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Ice phases

link Phase diagram

 

Water has many solid phases (ices), There are sixteen or so crystalline phases and three amorphous (non-crystalline) phases All the crystalline phases of ice involve the water molecules being hydrogen bonded to four neighboring water molecules (see [1300] for a recent review). In most cases the two hydrogen atoms are equivalent, with the water molecules retaining their symmetry, and they all obey the 'ice' rules: two hydrogen atoms near each oxygen, one hydrogen atom on each O····O bond.j The H-O-H angle in the ice phases is expected to be a little less than the tetrahedral angle (109.47°), at about 107°. The Clapeyron equationo for many ice phase changes has to be adapted due to water's negative expansion coefficient and anomalous change in entropy with volume [1147c].

 

Structural data on the ice polymorphs

Ice polymorph

Density,
g cm-3 a

Protonsf Crystalh Symmetry Dielectric constant, εSi Notes
Hexagonal ice, Ih

0.92

disordered Hexagonal one C6 97.5  
Cubic ice, Ic

0.92

disordered Cubic four C3    
LDA, Ia b

0.94

disordered Non-crystalline     As prepared, may be mixtures of several types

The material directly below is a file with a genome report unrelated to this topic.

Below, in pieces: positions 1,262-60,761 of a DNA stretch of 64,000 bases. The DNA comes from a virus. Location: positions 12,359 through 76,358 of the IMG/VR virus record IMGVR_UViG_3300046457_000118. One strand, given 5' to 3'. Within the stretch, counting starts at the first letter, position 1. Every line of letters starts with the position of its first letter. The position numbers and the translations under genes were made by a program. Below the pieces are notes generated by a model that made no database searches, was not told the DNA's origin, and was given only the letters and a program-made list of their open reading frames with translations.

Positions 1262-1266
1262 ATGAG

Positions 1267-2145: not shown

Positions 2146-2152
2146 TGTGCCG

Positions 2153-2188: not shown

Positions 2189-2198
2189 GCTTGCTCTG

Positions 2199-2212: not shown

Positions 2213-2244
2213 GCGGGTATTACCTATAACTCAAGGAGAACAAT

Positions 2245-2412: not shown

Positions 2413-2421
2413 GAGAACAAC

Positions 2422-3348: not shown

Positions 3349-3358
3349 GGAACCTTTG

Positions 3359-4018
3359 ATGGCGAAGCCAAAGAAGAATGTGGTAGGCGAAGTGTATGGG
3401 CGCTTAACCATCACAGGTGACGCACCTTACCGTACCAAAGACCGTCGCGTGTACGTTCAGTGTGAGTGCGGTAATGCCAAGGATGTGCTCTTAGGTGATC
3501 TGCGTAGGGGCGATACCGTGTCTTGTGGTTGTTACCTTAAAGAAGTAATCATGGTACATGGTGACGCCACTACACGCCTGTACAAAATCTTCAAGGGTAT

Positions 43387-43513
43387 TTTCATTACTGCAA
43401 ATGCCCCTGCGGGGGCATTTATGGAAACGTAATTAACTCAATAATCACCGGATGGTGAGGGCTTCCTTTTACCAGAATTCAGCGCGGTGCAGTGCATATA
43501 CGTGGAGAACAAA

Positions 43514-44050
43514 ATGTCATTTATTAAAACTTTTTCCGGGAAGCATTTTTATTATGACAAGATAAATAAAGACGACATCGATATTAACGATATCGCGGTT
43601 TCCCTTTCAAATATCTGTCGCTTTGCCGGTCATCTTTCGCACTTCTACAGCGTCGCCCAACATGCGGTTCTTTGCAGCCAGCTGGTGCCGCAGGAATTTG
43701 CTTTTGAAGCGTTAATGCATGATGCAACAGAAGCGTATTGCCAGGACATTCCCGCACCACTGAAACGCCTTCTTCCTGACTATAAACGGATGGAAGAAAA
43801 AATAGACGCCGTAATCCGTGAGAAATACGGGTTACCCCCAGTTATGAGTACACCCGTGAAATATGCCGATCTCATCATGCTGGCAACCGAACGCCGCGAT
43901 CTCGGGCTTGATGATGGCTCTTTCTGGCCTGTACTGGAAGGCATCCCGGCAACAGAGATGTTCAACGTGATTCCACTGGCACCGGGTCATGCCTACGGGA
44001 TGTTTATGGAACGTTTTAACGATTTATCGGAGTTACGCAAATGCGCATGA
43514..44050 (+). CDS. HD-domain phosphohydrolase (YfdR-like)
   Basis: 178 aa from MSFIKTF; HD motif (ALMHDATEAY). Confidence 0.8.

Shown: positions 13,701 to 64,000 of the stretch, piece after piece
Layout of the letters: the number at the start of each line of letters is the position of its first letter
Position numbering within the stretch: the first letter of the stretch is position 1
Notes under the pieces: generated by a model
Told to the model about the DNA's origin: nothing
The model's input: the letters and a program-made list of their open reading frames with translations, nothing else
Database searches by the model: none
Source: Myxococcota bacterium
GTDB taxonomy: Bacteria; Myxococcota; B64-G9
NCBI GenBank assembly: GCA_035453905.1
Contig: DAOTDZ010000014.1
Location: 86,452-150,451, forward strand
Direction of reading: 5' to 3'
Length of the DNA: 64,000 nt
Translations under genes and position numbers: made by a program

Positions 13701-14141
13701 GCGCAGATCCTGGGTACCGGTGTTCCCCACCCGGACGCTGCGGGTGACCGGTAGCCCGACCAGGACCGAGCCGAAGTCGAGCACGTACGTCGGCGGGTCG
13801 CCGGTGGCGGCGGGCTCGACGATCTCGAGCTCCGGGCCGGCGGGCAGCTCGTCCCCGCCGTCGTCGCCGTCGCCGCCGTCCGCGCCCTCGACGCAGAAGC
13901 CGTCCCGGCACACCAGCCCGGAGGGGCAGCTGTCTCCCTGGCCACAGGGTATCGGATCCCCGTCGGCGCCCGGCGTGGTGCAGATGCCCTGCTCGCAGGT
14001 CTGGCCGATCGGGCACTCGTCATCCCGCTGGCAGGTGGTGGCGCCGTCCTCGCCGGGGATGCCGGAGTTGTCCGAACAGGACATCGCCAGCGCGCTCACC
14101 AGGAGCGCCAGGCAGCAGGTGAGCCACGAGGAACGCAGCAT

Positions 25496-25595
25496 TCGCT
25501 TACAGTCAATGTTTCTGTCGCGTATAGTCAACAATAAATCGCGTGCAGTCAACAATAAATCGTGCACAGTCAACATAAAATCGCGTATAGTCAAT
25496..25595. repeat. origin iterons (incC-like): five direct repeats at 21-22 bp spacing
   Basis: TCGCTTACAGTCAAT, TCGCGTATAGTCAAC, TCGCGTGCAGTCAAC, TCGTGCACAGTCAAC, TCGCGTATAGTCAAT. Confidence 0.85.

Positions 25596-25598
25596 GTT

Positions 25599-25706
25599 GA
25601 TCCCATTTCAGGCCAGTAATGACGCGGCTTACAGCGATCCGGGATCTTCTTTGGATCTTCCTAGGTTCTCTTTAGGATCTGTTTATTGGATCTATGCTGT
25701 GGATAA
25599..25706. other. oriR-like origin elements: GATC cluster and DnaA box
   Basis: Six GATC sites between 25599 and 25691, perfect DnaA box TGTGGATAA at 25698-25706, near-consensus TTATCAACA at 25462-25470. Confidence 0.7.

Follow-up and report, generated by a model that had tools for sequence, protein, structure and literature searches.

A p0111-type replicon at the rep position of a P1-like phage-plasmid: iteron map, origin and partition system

HDA c

1.17

disordered Non-crystalline     As prepared, may be mixtures of several types
VHDA d

1.25

disordered Non-crystalline      
II, Ice-two

1.17

ordered Rhombohedral one C3 3.66  
III, Ice-three

1.14

disordered Tetragonal one C4 117 protons may be partially ordered
IV, Ice-four

1.27

disordered Rhombohedral one C3   metastable in ice V phase space
V, Ice-five

1.23

disordered Monoclinic one C2 144 protons may be partially ordered
VI, Ice-six

1.31

disordered Tetragonale one C4 193 protons can be partly ordered
VII, Ice-seven

1.50

disordered Cubice four C3 150 two interpenetrating ice Ic frameworks
VIII, Ice-eight

1.46

ordered Tetragonale one C4 4 low temperature form of ice VII
IX, Ice-nine

1.16

ordered Tetragonal one C4 3.74 low temperature form of ice III, metastable in ice II space
X, Ice-ten

2.51

symmetric Cubice four C3   symmetric proton form of ice VII
XI, Ice-eleven

0.92

ordered Orthorhombic three C2   low temperature form of ice Ih
XI, Ice-elevenk

>2.51

symmetric Hexagonal close packed e distorted   Found in simulations only
XII, Ice-twelve

1.29

disordered Tetragonal one C4   metastable in ice V phase space
XIII, Ice-thirteen

1.23

ordered Monoclinic one C2   ordered form of ice V phase
XIV, Ice-fourteen

1.29

mostly ordered Orthorhombic one C4   ordered form of ice XII phase
XV, Ice-fifteen n

1.31 (?)